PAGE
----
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Przekrój
With the pandemic well underway, one of our readers has found – to her pleasant surprise – that ...
2021-01-25 14:00:00

Feline Self-Care
Pandemic Diaries

Illustration by Igor Kubik
Feline Self-Care
Feline Self-Care
Read in 3 minutes

My pre-pandemic everyday life was a mosaic of endless lists meant to optimize my every single day; chaos that led to order, punctuated with passionate scratching out of things, highlighting and rewriting. My plans used to change dynamically despite being surprisingly simple, but show me one person who has never written ‘GET SOME REST’ in their calendar, only to reschedule it several times.

Now, however, the times of forced working from home and sensible self-isolation have come, bringing with them an array of mundane activities, shamelessly elbowing their way into my calendar’s free spaces. New trends have also taken shape. In my case, they were introduced by my somewhat distant and independent – but at heart, always hoping for a piece of colourful ribbon or yarn – cat named Fern (also lovingly referred to as Fernie, Fernybob or the Feline Monster).

Just like any sensible cat, Fern is unfazed by the human presence, which she uses exclusively for restocking and recreational purposes. As long as the bowl refills itself with her favourite wet cat food and the supply of crunchy snacks flows freely, the Feline Monster is happy to make some concessions and sit on the human lap from time to time, purring and demanding attention.

Obviously, the new reality means a new routine. Fern’s morning hunts for invisible demons make my getting out of bed two hours before dawn far from impossible. In the morning, I am peaceful. In the morning, I am healthy. I drink a glass of warm water, meditate, sometimes I might even do a Sun Salutation or two. My new self-care routine inspired Fern to introduce some changes in her daily life, too. Just ahead of my official wake-up time, she purrs for a minute before leaping up onto the windowsill, awaiting her personal human Uber to transport her to the kitchen and give her some overdue affection while I’m at it.

To the cat, the seconds before seeing the first portion of food meet her bowl are among the happiest moments of the unfurling new day. As soon as breakfast hits the dish, it is consumed loudly until I leave the kitchen. As I start working, Fern watches me from her observatory, located on top of the large sofa pillows. 15 minutes pass, and when the time is up, she announces it with a loud, insolent MEOW, which sometimes sounds not unlike the croaking voice of an old fairy-tale witch. This noise informs me that Fern is ready to receive the second course of her breakfast – but she simply cannot eat it without me keeping her company. I have no other choice but to get up and pad to the kitchen. I stop in the doorway for just one moment, but it does not go unnoticed by Fern, who watches me with glaring impatience.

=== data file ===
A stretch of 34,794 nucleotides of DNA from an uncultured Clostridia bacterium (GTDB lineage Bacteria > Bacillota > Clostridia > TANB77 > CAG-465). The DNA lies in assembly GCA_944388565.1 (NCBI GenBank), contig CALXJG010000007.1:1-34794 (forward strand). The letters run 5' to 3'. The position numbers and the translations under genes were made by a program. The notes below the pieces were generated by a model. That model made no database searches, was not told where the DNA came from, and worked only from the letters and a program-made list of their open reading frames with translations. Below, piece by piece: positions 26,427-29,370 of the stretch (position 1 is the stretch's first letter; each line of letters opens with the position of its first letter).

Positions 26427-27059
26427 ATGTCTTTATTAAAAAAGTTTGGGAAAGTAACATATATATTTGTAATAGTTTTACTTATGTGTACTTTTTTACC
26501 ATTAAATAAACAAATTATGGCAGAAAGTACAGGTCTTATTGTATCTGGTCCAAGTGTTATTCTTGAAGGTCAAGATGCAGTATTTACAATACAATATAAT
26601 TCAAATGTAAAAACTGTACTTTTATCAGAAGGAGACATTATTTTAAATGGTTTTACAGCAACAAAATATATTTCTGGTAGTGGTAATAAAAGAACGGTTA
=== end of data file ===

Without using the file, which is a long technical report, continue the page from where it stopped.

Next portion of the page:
Here we are again, in the kitchen. While I anxiously glance at TimeCamp, checking how much time I’ve lost so far, Fern lifts her little head and turns to me to emit another, even more croaky-sounding MEOW. The message is loud and clear: no petting means no eating. A few bites later, she goes back to the living room, granting me another 15 minutes of peace.

How cute, some of you might think, while the majority of the readers will say: The lady’s gone bonkers, keeping her cat company every time it wants to eat. But let me tell you this: I wanted out of this deal, but the Feline Monster had other ideas. After several minutes of desperate wailing in the background of my very important Microsoft Teams video conference, I finally realized I am not the one who makes the rules around here. And who am I to dismiss Fern’s self-care routine?

P.S. If this text made you wonder what could possibly link the pandemic with the well-known obsession of felines with taking over the world, don’t worry, it’s a perfectly normal reaction. It’s fine to seek momentary respite in the warm embrace of absurdity – administered in moderation, of course.

Illustration by Igor Kubik
Illustration by Igor Kubik

Translated from the Polish by Aga Zano


Dear Readers,

There are difficult and unsure times ahead of us. We believe that by supporting each other we will survive the winter, as well as all future seasons that pose new challenges for us. That is why we would like to encourage you to share your experiences, lockdown stories and strategies on how to survive the current havoc. We will publish the most interesting texts on our website.

The length of the text should be a maximum of 4000 characters (with spaces). Please send it to editorial@przekroj.pl and include ‘Reader Submission’ in the subject line.

All the best,

Przekroj.pl/en Team

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